Michele Rivkin-Fish, Dept of Anthropology, University of North Carolina at Chapel Hill. An exploration of popular narratives of Soviet history as a key site in which urban Russians articulated class-based subjectivities for themselves and others in the 1980s and '90s, as the legitimating institutions of state socialism collapsed. Through ethnographic examination of debates between the author and Russian interlocutors on Mikhail Bulgakov's story "Heart of a Dog," the essay identifies local narratives of the Soviet past that indict communist "class" policies for long-standing injustice against educated groups. These narratives map comparative experiences of suffering onto essentialized social categories -- "workers" and "intelligentsia" -- depicted as enduring social entities with distinct moral characters. Invoked in the late Soviet era and first decade after the Soviet collapse, such visions legitimized renewed privileges for educated groups and erased the ambivalence people otherwise felt toward market refo
Globalization before the globe: Regulation of intercontinental trade in southern Africa, ca. CE 700-1800
Ed Wilmsen, Dept of Anthropology, University of Texas, author of "Land Full of Flies: A Political Economy of the Kalahari" (U. of Chicago Press, 1989), a critique of Richard Lee's Kalahari project from archaeological, historical and ethnographic perspectives. Abstract: In this paper, I engage a social geography in order to map the processes by which intercontinental trade was regulated in interior southern Africa during the 8th-15th centuries. This region was at that time part of an early form of "globalization" encompassing the entire Indo-Pacific province as well as the Islamic caliphates of the eastern Mediterranean. There are no written records for or from this interior region until the beginning of the 16th century, when Portuguese captured the Swahili trading entrepôts on the east coast and began to penetrate into the interior. Other forms of evidence must be adduced to illuminate the social processes active in the interior in the centuries I am considering. Mater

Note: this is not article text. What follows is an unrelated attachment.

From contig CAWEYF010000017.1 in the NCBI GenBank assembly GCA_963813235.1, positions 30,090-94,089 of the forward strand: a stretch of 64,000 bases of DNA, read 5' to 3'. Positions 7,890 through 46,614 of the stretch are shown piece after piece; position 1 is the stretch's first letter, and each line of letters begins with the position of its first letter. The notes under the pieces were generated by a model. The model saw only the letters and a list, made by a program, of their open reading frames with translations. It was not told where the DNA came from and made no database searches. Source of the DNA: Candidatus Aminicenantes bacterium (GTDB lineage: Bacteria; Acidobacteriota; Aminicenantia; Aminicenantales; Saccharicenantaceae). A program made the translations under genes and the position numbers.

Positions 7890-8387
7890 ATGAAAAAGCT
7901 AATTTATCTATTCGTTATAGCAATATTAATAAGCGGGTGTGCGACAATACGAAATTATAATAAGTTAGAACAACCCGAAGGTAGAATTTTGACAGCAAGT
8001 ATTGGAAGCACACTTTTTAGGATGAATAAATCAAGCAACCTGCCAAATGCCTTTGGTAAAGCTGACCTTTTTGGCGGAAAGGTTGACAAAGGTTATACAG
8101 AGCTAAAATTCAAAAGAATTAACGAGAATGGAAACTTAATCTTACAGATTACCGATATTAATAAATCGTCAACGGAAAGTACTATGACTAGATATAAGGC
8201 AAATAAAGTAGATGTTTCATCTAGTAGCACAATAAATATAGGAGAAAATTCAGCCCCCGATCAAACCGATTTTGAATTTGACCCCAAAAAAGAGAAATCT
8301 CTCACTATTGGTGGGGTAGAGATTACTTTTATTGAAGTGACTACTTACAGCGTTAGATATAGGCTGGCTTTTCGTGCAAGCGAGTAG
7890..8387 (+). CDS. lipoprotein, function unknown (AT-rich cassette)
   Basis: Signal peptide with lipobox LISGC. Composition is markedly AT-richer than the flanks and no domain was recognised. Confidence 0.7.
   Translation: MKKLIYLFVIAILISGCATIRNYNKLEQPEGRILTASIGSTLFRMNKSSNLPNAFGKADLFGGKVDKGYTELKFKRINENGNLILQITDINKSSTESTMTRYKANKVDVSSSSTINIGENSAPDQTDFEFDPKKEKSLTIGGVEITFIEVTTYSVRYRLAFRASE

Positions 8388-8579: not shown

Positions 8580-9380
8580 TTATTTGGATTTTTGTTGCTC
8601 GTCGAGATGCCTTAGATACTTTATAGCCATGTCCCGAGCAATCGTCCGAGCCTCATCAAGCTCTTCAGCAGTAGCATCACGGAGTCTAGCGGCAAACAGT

Aja Rieger, MSc final seminar. Supervisor: Dr. Bar-Or. Chair: Philippe Saikali.
Allan Brandt, Kass Professor of the History of Medicine, Harvard University
Results for Work Study will be posted on the Work Study website the week of January 20. Students can also view their results on Minerva.
Discussion and cocktail reception
The Faculty of Law welcomes the Quebec Court of Appeal for a live hearing in the Moot Court. Come see experienced pleaders debate a case of tremendous public importance before three judges. Doors open at 9 am in order to permit everyone to be seated before the judges take their places on the bench. The hearing will begin at 9:30 and will adjourn at 10:20 for 15 minutes. First-year students can head over to Constitutional Law at that time, and any students who want to come in during the break, in order to see the second half of the hearing, are most welcome. The bench is made up of the Honourable Justices Nicole Duval-Hesler, René Dussault and Yves-Marie Morissette.
A student-run inter-university conference supported by the Management Undergraduate Society (MUS) of the Desautels Faculty of Management, McGill University. The conference goal is to spark and nourish interest among students in the role that business plays in the environmental and social sphere. This year's opening keynote speech, by world-renowned environmentalist and activist Dr. David Suzuki, will take place January 31 at 6:30 pm, with a book signing from 4 - 6 pm. For more information and a detailed schedule see website below. Ticket sales information: 10 am-5 pm, Monday through Thursday, in the Bronfman Bldg.
Morphogens as brain wiring molecules: Identifying the molecular mechanism underlying Sonic hedgehog-mediated axon guidance
Frédéric Charron, Institut de recherches cliniques de Montréal (IRCM). Host: Stefano Stifani.